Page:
Fashion enters metaverse- a collision of creativity and tech
In the next few years, people will be able to enter the metaverse, completely virtually (i.e. with virtual reality) or interact with parts of it in their physical space with the help of augmented and mixed reality.
The internet is evolving every minute and tech CEOs like Satya Nadella and Mark Zukerberg have highlighted that the ‘metaverse’ is the future of the internet. In layman’s terms, the metaverse is a hyper-interactive, digital environment where people work, socialize, and shop. It is used to describe the concept of a future iteration of the internet, made up of shared, 3D virtual spaces linked into a perceived virtual universe.
In the metaverse, people are represented by digital avatars and this virtual world keeps evolving constantly based on the actions of the society within it.
In the coming years, digital tools will introduce us to new auditory and visual experiences via augmented reality. The space where we will encounter technology and reality in an entirely new way- the metaverse. With the Covid-19 pandemic triggering sweeping lifestyle changes, along with social media platforms, the fashion industry is also trying to expand its horizon. Work, shopping and socializing are simultaneously being pushed deeper into the online world.
Skechers, an American footwear company, recently filed trademark applications throughout the world to sell virtual goods such as footwear and apparel— setting the foundation for new growth opportunities in the metaverse.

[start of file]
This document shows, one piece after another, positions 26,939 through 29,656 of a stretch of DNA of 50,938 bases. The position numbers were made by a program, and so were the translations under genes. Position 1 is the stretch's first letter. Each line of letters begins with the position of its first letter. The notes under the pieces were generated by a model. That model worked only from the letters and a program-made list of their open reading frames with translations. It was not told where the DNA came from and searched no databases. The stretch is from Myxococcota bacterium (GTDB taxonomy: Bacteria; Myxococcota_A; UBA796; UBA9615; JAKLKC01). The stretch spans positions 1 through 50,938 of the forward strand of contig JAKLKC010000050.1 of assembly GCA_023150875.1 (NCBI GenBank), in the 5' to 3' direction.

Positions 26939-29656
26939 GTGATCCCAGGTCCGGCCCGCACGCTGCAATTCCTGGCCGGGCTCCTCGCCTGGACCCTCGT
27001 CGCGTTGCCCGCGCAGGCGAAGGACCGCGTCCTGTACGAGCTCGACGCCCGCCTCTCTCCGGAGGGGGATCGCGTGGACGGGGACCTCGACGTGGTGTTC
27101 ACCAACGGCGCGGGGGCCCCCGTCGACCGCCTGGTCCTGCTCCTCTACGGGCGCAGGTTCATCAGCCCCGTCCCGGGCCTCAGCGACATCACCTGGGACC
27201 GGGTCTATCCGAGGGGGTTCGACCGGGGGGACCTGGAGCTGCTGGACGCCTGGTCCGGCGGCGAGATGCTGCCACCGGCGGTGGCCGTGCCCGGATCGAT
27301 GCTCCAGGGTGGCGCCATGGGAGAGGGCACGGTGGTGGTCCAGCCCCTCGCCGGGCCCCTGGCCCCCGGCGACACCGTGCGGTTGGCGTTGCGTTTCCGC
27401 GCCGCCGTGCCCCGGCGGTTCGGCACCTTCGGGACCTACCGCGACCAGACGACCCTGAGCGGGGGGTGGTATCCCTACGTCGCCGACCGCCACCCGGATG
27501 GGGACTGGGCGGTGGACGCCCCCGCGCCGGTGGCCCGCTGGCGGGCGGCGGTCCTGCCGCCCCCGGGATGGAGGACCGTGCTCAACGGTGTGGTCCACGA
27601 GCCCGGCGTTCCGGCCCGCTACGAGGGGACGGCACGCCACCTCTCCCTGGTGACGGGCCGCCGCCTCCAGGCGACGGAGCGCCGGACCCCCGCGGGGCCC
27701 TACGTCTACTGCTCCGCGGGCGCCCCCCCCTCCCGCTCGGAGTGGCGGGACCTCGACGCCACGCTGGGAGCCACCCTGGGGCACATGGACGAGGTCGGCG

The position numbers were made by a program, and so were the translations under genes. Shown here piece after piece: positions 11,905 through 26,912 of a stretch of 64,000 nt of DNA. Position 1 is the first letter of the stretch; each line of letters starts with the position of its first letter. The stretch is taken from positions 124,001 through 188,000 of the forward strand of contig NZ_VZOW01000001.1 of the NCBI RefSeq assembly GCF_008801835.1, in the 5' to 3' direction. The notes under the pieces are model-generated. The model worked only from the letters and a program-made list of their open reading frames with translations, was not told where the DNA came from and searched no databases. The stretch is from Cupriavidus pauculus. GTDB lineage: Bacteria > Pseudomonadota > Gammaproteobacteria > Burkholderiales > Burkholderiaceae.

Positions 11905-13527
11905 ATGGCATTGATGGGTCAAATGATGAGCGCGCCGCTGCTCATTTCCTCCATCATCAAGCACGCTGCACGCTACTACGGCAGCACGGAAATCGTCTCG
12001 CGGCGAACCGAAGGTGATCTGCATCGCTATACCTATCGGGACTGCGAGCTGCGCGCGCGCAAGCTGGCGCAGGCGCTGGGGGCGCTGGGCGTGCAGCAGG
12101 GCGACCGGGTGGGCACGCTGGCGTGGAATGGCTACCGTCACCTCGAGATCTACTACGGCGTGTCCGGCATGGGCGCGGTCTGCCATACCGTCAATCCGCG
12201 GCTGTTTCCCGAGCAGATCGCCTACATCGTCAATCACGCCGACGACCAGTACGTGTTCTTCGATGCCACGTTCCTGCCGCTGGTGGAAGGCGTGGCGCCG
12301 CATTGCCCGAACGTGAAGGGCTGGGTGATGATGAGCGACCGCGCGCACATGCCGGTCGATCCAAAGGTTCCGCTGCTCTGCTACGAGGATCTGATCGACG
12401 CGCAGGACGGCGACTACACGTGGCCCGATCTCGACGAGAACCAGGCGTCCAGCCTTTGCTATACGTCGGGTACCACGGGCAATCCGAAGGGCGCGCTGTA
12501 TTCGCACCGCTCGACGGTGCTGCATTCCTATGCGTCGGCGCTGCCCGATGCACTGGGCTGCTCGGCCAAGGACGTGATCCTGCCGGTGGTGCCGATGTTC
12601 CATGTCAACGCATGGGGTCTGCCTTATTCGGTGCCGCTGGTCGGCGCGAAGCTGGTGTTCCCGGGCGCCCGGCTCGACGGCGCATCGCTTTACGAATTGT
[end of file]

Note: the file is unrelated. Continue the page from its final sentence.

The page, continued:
In the next few years, people will be able to enter the metaverse, completely virtually (i.e. with virtual reality) or interact with parts of it in their physical space with the help of augmented and mixed reality. In the past two years, as fashion shows and stores went online, it is the right time for existing brands and upcoming fashion entities to tap the opportunities in the metaverse.
Here are a few things to expect as fashion is venturing into the metaverse faster than expected:
Shopping goes digital
Brands and major fashion events went virtual in response to the pandemic, and so did clothing. To give an immersive experience to customers, brands are creating a virtual world where customers can visualize how a garment would look on them. Virtual reality allows them to take a 360-degree look at a product, where they can zoom in on the smallest detail. They are no longer expected to rely on a few images of the outfits available on the website.
Not only fast fashion but luxury fashion brands have also ventured into the metaverse by minting NFTs- Non-fungible tokens ( unique digital assets that only exist digitally but can cost tens of thousands of dollars), digital-only designers, and collectives. These brands are collaborating with mainstream fashion brands to bring NFTs into the realm of cyber fashion.